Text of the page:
Plague is a term applied randomly in the Middle Ages to all fatal epidemic diseases, but now restricted to an acute, infectious, contagious disease of rodents and humans, caused by a short, thick bacillus, Yersinia pestis. In humans, plague occurs in three forms: bubonic plague, pneumonic plague, and septicemic plague. Bubonic plague is the best-known form and is so called because it is characterized by the appearance of buboes, or enlarged, inflamed lymph nodes, in the groin or armpit or on the neck.
Bubonic plague is transmitted by the bite of any of numerous insects that are normally parasitic on rodents, and that seek new hosts when the original host dies. The most important of these insects is the rat flea Xenopsylla cheopis, which is parasitic on the brown rat. Untreated bubonic plague is fatal in 30 to 75 percent of all cases. The Black Death, the name later given to the plague, ravaged Europe between 1347 and 1351, taking a great toll of life.
Modern research confirms the estimate of the chronicler Jean Froissart that about one-third of the population died. Originating in China and Turkestan, the plague was transmitted to Europeans when a Kipchak army catapulted plague-infested corpses into the town. The Plague spread from the Mediterranean ports, affecting Sicily (1347); North Africa, Italy, Spain, and France (1348); Austria, Hungary, Switzerland, Germany, and England (1349); and Scandinavia and the Baltic lands (1350) (See Fig. 1).
There were recurrences in 1361-63, 1369-71, 1374-75, 1390, and 1400. In bubonic plague, the first symptoms are headache, nausea, vomiting, aching joints, and a general feeling of ill health. The lymph nodes of the groin or, less commonly, of the armpit or neck, suddenly become painful and swollen. The temperature, accompanied by shivering, rises to between 38. 3 and 40. 5 C (101 and 105 F). The pulse rate and respiration rate are increased, and the victim becomes exhausted and apathetic. The buboes swell until they approximate a chicken egg in size.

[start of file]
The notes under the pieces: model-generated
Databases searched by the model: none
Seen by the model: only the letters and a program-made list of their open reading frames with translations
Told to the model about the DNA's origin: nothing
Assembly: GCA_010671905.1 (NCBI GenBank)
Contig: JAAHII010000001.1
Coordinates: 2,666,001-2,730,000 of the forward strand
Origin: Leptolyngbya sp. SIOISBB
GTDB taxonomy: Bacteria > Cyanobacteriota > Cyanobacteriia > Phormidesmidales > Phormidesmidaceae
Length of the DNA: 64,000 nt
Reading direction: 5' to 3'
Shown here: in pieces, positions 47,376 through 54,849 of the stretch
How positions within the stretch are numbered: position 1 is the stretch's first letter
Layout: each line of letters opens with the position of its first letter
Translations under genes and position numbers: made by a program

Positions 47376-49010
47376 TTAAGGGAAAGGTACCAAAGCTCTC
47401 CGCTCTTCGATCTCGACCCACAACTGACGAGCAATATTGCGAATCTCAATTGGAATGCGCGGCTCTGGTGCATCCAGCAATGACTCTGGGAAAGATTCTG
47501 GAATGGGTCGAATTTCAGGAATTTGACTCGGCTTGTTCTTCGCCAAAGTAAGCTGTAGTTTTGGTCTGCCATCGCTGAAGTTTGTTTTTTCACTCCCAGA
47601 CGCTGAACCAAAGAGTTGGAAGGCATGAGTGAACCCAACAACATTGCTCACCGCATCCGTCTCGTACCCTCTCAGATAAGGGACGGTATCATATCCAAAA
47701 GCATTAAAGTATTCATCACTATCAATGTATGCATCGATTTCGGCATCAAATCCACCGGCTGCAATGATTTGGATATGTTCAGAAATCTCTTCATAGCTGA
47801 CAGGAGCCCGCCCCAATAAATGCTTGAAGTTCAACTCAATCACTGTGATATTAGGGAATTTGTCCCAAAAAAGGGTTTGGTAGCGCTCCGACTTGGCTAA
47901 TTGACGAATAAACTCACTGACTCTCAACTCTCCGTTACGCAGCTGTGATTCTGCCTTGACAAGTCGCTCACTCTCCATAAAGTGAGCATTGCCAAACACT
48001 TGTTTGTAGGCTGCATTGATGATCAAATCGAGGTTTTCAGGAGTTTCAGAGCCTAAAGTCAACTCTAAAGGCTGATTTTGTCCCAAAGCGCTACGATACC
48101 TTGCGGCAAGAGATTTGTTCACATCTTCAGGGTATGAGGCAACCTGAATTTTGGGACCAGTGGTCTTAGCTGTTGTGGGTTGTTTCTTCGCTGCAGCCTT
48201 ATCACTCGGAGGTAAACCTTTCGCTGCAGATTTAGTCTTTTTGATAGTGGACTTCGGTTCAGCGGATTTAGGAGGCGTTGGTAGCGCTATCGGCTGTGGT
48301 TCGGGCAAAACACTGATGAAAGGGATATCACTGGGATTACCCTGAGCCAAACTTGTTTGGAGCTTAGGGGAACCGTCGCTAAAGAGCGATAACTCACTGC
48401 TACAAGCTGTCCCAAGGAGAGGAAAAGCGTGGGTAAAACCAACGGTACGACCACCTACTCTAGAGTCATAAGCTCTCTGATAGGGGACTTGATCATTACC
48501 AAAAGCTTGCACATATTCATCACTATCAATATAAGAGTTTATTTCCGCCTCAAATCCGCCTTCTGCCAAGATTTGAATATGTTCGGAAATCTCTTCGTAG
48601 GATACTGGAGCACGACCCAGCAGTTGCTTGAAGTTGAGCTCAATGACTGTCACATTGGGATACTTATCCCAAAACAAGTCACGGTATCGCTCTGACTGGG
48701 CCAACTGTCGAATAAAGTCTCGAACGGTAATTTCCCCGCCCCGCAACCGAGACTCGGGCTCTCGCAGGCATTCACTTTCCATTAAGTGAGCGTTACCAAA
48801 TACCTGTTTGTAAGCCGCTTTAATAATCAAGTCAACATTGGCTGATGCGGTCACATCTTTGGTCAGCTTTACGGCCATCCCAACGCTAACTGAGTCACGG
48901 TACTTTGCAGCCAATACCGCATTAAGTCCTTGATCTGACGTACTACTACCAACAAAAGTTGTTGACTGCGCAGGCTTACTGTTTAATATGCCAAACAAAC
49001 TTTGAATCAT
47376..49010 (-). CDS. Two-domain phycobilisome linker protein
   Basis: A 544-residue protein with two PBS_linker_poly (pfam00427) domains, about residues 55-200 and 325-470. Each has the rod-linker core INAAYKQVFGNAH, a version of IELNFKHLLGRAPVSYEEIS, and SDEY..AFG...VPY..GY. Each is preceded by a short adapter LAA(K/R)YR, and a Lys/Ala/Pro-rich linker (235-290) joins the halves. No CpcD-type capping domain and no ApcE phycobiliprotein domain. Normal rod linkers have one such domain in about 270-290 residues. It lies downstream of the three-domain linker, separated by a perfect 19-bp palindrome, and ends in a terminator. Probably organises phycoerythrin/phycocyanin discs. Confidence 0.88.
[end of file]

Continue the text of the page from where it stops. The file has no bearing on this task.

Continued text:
In nonfatal cases, the temperature begins to fall in about five days, and approaches normal in about two weeks. In fatal cases, death results in about four days. The purple color, which appears in all plague victims during their last hours, is due to respiratory failure; the popular name Black Death that is applied to the disease is derived from this symptom. Many preventive measures, such as sanitation, killing of rats, and prevention of the transport of rats in ships arriving from ports in which the disease is endemic, are effective in reducing the incidence of plague.
Famine, which reduces resistance to the disease, results in spread of plague. Individuals who have contracted the disease are isolated, put to bed, and fed fluids and easily digestible foods. Sedatives are used to reduce pain and to quiet delirium. During World War II, scientists using sulfa drugs were able to produce cures of plague; subsequently, streptomycin and tetracycline were found to be more effective in controlling the disease.